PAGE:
1. Permeable pavers
Permeable concrete pavers are made from porous concrete and installed with small spaces between them that allow water to soak through rather than run off, so your patio floor won't send rainwater onto the street and into the sewers. Permeable pavers cost more than regular concrete pavers, but they're touted as more "green" because they allow the little rainwater that falls on an Arizona patio to seep into the soil,recharging groundwater.
If runoff is a big problem in your yard, get rid of some of the hard surfaces. Replace little-used patios and other slabs with soil, which will soak up much of the rainwater, and with plants and trees that absorb the water through their roots.
3. Desert plants
Landscape around the patio with native, drought-tolerant plants that need little watering. A lush, green yard might absorb more rainwater than a stone patio, but it creates an equal problem: You'll need to water it so much to keep it healthy that you can still send water onto the property next door.
4. Patio covers
A durable patio cover will help you keep cool on hot summer days by blocking sun rays that can leave you sweltering and overheat your patio floor. A few options: oversize acrylic awnings that won't let rain through; flat shade screens for patios too low to create the pitch necessary for a fabric patio cover; a permanent aluminum cover.
5. Smart irrigation
Invest in a "smart" irrigation system for your yard. The latest lawn-and-garden irrigators are programmed to shut off the water when it rains and adjust the amount of water they deliver based on the temperature and how much your plants actually need on any given day.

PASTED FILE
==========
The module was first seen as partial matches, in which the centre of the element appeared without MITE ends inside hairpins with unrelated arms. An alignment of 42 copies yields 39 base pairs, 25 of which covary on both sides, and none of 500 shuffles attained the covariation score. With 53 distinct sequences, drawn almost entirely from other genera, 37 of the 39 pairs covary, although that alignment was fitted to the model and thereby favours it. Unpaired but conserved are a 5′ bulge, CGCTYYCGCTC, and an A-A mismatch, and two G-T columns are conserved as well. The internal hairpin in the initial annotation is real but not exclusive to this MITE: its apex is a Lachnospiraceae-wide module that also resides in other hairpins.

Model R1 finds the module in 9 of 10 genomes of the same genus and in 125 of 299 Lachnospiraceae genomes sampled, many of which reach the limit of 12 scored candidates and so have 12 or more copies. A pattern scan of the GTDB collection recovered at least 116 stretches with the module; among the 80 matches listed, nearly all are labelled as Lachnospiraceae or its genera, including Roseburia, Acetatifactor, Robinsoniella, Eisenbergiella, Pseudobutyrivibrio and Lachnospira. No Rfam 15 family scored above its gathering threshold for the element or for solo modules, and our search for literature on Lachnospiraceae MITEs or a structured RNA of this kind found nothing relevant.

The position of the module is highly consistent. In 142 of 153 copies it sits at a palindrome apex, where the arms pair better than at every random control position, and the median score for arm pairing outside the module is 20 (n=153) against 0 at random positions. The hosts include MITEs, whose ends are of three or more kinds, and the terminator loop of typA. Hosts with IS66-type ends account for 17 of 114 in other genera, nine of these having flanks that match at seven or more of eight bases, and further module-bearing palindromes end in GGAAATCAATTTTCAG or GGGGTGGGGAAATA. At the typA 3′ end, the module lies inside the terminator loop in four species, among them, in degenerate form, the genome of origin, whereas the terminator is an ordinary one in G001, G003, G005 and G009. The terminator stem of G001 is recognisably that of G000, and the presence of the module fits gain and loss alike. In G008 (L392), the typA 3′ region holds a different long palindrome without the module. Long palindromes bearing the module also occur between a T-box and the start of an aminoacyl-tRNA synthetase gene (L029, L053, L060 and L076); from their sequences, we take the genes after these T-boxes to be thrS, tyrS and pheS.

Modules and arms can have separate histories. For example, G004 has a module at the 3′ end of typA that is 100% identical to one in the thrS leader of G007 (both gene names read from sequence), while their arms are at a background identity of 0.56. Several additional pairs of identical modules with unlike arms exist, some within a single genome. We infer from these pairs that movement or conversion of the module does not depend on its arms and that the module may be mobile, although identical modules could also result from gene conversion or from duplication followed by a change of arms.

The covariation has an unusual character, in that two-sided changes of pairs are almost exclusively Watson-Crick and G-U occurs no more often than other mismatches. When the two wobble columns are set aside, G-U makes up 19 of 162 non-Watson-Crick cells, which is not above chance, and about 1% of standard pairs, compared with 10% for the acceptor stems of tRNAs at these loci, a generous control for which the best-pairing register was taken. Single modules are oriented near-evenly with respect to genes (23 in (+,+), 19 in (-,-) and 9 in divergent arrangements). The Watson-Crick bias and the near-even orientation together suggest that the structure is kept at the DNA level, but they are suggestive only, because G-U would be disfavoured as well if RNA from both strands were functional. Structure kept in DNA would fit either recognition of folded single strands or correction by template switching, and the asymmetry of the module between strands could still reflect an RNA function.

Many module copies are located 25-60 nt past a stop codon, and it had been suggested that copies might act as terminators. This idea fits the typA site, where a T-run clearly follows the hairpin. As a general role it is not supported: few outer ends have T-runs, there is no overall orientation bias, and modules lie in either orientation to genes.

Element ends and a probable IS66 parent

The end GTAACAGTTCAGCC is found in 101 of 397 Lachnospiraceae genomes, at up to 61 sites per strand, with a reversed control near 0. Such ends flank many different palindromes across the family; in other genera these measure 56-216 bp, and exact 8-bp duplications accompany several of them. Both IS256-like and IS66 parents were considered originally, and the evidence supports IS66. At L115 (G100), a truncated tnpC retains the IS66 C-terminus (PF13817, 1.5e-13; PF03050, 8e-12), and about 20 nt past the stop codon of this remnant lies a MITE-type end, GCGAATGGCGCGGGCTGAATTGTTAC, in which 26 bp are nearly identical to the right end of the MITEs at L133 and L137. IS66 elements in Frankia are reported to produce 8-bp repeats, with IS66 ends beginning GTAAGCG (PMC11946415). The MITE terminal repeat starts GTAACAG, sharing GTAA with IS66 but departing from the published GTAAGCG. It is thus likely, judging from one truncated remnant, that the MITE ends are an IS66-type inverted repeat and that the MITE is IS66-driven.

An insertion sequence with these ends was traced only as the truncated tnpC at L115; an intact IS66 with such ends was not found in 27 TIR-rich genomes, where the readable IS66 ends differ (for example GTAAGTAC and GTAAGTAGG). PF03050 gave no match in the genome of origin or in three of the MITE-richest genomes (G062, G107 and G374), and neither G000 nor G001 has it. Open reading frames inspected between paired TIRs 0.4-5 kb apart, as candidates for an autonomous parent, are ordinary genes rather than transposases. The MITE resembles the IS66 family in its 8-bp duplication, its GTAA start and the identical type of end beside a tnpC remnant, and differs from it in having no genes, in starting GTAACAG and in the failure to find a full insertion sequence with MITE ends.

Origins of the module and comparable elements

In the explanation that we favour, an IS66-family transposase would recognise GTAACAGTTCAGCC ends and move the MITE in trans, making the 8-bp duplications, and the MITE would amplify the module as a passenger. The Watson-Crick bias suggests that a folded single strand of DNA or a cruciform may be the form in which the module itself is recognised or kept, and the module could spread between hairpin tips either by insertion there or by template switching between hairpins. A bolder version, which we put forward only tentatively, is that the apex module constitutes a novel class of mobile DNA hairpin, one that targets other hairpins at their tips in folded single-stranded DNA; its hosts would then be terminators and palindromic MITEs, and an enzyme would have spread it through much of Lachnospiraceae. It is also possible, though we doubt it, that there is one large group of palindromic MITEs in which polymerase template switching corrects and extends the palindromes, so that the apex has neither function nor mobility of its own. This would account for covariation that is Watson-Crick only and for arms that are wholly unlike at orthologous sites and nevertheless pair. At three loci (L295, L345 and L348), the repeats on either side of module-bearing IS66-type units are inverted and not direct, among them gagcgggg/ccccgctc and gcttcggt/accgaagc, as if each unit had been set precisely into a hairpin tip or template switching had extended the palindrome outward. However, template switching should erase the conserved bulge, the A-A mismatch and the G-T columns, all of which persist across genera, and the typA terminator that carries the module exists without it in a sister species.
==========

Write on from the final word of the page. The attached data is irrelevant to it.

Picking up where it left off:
Replace traditional flood lights and porch lights with LEDs (light-emitting diodes) and shy away from incandescent and halogen outdoor lighting. LEDs cost quite a bit more than standard light bulbs, but they last so long you might never have to replace them. Plus, they use so little electricity that you might see a difference in your utility bill.
7. Solar lamps
For ambience after dark, mix solar fixtures in with low-voltage outdoor lamps on the patio and in the garden. They burn about 1/10th as bright as low-voltage lighting, but you can skip the wiring and cut the cost of a deck-lighting job by using solar lights. You'll pay more per fixture for a solar light than for a typical incandescent lamp, but you'll save on wiring and power supply, so the cost comes out about the same for both.
8. Garden in containers
If you're short on yard space or just don't want to spend a lot of time tending to a large garden, plant your annuals and vegetables in containers on the patio. Build the containers from travertine, pavers or another material that matches your outdoor decor if you don't mind leaving them in permanent position. Tip: Figure out how the container will drain before having it built. You can build in drain grates if your containers are permanent.
9. Energy Star appliances
Buy energy-efficient appliances for your outdoor kitchen. Check for the Energy Star label so you'll know you're buying a refrigerator or other appliance that won't send your electric bill soaring.
10. Efficient patio doors
Replace the sliding-glass door that leads from the house to the patio with an energy-efficient model. Your new door should be heavy-duty, snugly fit the opening into the home, and carry the Energy Star label.
11. Eco-friendly patio furniture
Choose used wood furniture or new furniture with an FSC (Forest Stewardship Council) label. Or create built-in benches from natural stone.